metres after the first two kilometres. Waiting time is HK$1.10 per minute.
Pay, in Hong Kong dollars only, the fare shown on the meter, plus any
additional charge where applicable. A HK$20 surcharge applies to cross-harbour
tunnel trips (includes the driver's HK$10 return toll). There is also
a surcharge for rides through the Lion Rock (HK$6), Junk Bay (HK$3) and
Aberdeen (HK$5) tunnels, and a HK$5 charge for each piece of luggage.
drivers expect a tip, but just round up the fare to the nearest dollar.
Drivers cannot pick up or drop off passengers on restricted streets, which
are marked with yellow lines. New Territories taxis will pick up and drop
off only in the New Territories. If you have any queries or complaints,
note the taxi's number and call the 24-hour Police Hotline on 2527 7177.
Double-decker buses, which run from 6 AM till 3 midnight, cover most parts
of the territory.
Fares range from HK$1 to HK$30.60. Exact change is required. You'll find
that, in general the drivers do not speak much English.
Minibuses are small passenger vans which are yellow with a red stripe.
They can pick up passengers and let them off anywhere except regular bus
stops and the usual restricted areas. Fares range from HK$2 to HK$7. Pay
as you get off.
Maxicabs are yellow with a green stripe. They run along specific routes
and have fixed prices ranging from HK$1 to HK$8. A sign on the front indicates
the destination. Pay as you get on.
The Kowloon-Canton Railway (KCR) is 34 kilometres long and runs from Hung
Hom in Kowloon up to the border with China. Trains run every tour to 10
minutes in each direction, and vary according to the ordinary single trip
to Sheung Shui, the farthest you can go without a China visa). It's a
go way to visit some of the New Territories' towns and villages.
Mass Transit Railway (MTR), Hong Kong's fast, efficient and air-conditioned
underground system, runs not only along the north side of Hong Kong Island,
but also from Central across the harbour to divide into east and west
branches in Kowloon. Stations are located by a X symbol. Fares range from
HK$4 to HK$11. MTR and KCR stored-value tickets (HK$70-200) are also available.
Light Rail Transit (LRT) is a high-speed surface system linking the New
Territories towns of Tuen Mun Yuen Long. The LRT runs from 5.30am to 12.30am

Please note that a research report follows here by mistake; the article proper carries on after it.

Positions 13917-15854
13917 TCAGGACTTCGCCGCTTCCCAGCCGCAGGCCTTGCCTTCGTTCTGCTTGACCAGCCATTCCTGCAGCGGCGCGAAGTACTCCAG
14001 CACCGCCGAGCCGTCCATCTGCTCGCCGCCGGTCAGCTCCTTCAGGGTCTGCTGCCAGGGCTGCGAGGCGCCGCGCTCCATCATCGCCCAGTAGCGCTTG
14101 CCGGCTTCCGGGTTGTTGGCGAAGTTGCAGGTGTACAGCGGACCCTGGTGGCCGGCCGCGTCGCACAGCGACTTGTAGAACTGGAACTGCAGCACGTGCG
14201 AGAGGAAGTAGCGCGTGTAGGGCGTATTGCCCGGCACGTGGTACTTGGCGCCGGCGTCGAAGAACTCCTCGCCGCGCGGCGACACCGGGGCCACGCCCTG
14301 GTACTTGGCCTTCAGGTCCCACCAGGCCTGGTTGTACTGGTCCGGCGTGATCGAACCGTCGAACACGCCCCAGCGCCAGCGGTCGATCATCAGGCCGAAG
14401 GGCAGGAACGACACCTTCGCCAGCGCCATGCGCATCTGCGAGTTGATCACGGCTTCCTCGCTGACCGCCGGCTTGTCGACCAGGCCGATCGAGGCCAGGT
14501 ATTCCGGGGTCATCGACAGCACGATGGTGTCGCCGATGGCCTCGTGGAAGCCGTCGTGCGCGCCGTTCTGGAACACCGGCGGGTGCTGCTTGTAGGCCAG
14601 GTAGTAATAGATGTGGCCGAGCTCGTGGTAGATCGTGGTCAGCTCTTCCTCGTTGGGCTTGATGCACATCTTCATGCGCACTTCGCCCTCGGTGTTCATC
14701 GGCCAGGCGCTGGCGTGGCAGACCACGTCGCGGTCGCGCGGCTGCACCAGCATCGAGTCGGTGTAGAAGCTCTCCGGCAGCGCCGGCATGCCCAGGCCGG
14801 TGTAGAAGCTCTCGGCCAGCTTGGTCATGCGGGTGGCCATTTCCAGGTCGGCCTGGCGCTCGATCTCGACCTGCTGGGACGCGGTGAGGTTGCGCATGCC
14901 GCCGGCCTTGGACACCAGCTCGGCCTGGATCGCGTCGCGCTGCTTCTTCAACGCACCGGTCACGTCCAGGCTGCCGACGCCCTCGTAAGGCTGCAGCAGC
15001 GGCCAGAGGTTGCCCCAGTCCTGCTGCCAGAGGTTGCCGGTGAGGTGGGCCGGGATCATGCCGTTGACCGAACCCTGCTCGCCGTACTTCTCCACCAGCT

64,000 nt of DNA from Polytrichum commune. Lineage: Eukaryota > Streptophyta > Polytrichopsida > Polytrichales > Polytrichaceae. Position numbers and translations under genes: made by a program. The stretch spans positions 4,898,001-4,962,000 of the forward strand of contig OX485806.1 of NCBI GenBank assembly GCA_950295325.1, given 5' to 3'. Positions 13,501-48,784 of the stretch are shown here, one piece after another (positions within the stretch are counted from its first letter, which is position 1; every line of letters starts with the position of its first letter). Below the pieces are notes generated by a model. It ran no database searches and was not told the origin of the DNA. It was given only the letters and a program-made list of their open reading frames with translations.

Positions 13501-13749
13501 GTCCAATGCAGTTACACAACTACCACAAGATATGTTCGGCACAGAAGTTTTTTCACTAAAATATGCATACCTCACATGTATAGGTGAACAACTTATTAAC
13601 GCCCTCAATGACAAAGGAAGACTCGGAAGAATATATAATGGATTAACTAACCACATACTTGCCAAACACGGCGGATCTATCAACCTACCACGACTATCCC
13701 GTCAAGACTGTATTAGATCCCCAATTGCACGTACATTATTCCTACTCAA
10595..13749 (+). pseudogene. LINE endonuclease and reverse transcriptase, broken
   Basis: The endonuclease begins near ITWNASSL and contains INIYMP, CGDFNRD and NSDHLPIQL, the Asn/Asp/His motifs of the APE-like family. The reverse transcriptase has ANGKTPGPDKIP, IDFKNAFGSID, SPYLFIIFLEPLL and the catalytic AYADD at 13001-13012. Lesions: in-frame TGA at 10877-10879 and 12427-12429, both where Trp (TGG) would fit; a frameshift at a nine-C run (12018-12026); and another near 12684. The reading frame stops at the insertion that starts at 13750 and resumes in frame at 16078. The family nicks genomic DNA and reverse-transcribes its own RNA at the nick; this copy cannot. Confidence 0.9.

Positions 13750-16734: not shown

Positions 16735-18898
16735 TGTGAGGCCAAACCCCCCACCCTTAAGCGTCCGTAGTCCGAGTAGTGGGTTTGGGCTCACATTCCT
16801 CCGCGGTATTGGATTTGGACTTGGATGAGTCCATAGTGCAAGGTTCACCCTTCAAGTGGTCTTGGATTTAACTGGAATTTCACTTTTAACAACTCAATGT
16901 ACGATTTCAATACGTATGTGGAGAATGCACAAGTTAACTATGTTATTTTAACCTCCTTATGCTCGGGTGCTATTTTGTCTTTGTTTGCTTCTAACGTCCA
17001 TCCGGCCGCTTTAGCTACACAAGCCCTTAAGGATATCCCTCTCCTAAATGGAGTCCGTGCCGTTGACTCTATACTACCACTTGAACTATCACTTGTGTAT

daily. Fares range from HK$3.20 to $4.70.
The Star Ferry, which has connected Hong Kong and Kowloon since 1898,
runs regularly between 6.30am to 11.30pm. At HK$ 1.70 (upper deck) and
HK$1.40 (lower deck), it must be one of the cheapest and most scenic ferry
rides in the world. The crossing takes approximately eight minutes.
Hong Kong Ferry (Holdings) Company provides other regular and inexpensive
services which connect Hong Kong Island to other parts of the Kowloon
Peninsula and to the outlying islands.
Since 1904, the tram system has run east to west along the north side
of Hong Kong Island, and still provides a leisurely, grandstand view.
The flat fare is HK$1.20 (exact change required) and the service operates
between 6 AM and 1 AM.
Peak Tram is one of the most advanced tram systems in the world, taking
just eight minutes to climb Victoria Peak. The service operates from 7am
to midnight and the single fare is HK$12 (HK$19 return). The funicular
railway has run since 1888 and is still the quickest way to reach the
Self-drive rental cars are not often used in Hong Kong, but chauffeur-driven
cars are widely available. Hotels have their own limousines for hire.
The only means of travel in the old days, rickshaws today are used mainly
for fun rides and photo sessions. Rickshaw drivers congregate at the Star
Ferry on Hong Kong Island and charge for a trip round the block or for
a photo session. Negotiate the price first.
July 1, 1997 Hong Kong becomes a Special Administrative Region within
the People's Republic of China with a high degree of autonomy. Its constitution,
called the Basic Law, ensures that Hong Kong's way of life, specifically
its economy and judicial system, will continue for another 50 years.
Kong Awaits You